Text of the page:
Thoughts: Contemplating Best Practices

Onboarding a project, typically as the “subject matter expert,” I often get asked what the “current” best practices are, and I find it interesting that it is spoken about like there are trends, so I decided to demystify what my job really is (to me), and what it is not, in the context of “best practices.”

I think UX Design Best Practices involve the strategy of research.

If, when I start on a project, I am handed a list of requirements based on user feedback, my first reflex will be to try to tell apart which ones come from a request, a critique, a logistical friction point, a bad mood, a wrong interpretation, an unclear task, a bad opinion, a terrible day, a lack of coffee, or a real issue.

More often than not, user feedbacks have multiple layers of truths, and a part of the research I do requires me to dig deep and listen to what is not obvious; almost (but not fully) ignoring any face value of a statement as pertinent data.

This is why I strongly encourage my clients to share with me the raw data they used—written words, recorded videos, or statistics—so that I can make sure nothing got lost in translation, and to surface any questions we may need answered before we move forward. This, in turn, will give me a sense of direction as to how to lead my research.

I think UX Design Best Practices involve the way we communicate solutions to a client.

If we can’t talk about a designed workflow like we’re telling a story, we’re probably doing it wrong. There are multiple reasons for prototyping; not all of them are to get people’s opinion.

Sometimes, we need it to see if the story we are telling through the workflow makes any sense; that we’re not leading our hero (the user) into a dead end, or a wall, or an abyss, or directly into a feature that doesn’t yet exist with expectations we are not ready to meet.

Most of the time, we need it to convey how we solved a problem.

I don’t think UX Design Best Practices involve a checklist of design trends to follow.

Revolutionary designs obviously change user behavior, but these don’t get released every other season.

Otherwise, questions like “where should the menu be?” and “would icons work here?” should be answered on a case by case basis based on multiple variables like:

  • The brand
  • The users
  • The problem we’re trying to solve
  • The way we are trying to solve the problem

Unfortunately, the recommendations in “best practices” are not “one size fits all,” but I fully understand how reassuring it can feel to follow a set of guidelines and hope the product we pour money, heart and soul in will never look astray or be a pain for others to use.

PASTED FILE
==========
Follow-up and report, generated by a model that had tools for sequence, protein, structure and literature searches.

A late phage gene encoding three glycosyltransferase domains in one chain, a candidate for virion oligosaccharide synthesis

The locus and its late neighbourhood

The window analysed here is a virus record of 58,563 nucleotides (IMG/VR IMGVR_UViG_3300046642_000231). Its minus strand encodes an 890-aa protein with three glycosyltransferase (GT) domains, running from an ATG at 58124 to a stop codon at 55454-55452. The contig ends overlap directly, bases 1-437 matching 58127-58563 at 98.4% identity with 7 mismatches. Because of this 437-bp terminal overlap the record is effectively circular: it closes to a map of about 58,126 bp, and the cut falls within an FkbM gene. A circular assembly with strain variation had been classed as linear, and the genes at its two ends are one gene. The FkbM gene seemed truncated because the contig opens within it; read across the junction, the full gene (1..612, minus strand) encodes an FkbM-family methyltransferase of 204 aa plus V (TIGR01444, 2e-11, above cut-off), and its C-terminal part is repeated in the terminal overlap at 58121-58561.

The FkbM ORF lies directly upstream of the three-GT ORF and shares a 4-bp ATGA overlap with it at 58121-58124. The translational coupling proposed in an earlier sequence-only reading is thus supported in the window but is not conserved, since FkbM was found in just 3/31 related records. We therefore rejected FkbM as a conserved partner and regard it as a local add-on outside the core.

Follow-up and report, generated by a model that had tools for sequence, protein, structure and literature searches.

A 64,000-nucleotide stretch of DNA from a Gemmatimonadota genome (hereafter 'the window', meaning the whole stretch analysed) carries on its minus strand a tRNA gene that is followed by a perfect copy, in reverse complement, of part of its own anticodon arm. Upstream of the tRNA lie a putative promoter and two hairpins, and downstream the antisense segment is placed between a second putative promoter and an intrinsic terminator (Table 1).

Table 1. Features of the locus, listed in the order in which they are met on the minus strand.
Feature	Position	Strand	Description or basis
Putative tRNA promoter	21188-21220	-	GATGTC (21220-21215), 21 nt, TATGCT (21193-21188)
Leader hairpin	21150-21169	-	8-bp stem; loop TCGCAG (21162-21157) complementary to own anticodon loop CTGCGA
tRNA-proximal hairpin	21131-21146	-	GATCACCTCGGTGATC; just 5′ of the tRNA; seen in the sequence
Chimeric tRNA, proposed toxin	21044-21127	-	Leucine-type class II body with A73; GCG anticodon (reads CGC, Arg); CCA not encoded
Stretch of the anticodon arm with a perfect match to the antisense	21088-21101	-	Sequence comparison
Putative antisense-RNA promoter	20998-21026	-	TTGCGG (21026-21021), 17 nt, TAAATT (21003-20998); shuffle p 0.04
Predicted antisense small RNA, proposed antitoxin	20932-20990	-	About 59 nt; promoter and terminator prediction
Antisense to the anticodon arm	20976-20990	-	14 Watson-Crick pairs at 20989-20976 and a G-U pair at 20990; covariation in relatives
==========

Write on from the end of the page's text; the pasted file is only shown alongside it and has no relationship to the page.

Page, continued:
I think UX Design Best Practices involve approaching client requests in a way that will allow us to solve a problem instead of blindly executing what is asked.

During the years I studied UX Design, I was taught that clients will often come with solutions instead of problems; I did not realize how truthful that was until I started freelancing.

It’s always going to be a delicate situation, to educate the client on why we ask so many questions every time a request is made. Some take it as being challenged, and I spend a lot of time positioning the mindset into “exploring the context.” Why? Because the context is where the friction point was felt, and I believe UX Design is the work of bridging the gap between where the user is and where we want them to go.

I think UX Design Best Practices involve a really open mind, and non-attachment to ideas.

It’s important to remember that we cannot really dictate how users should behave when they use our solutions. Whether an app or a website ends up being used the way it was intended is a combination of who ends up trying to use it, and how it was designed.

This is why an open mind is crucial; because while we cannot control users, we can influence them, but to do so, we have to be ready to speak their language and tap into their habits, regardless of how awesome we thought our initial ideas were. The ideas might still be good, just not adapted to the targeted crowd.

The bottom line is that problem solving will hardly ever have a clear best practice, because problems are caused by, and goals are born from, circumstances specific to a product’s position within a market, and what we want to do about it.

Date published: October 21, 2020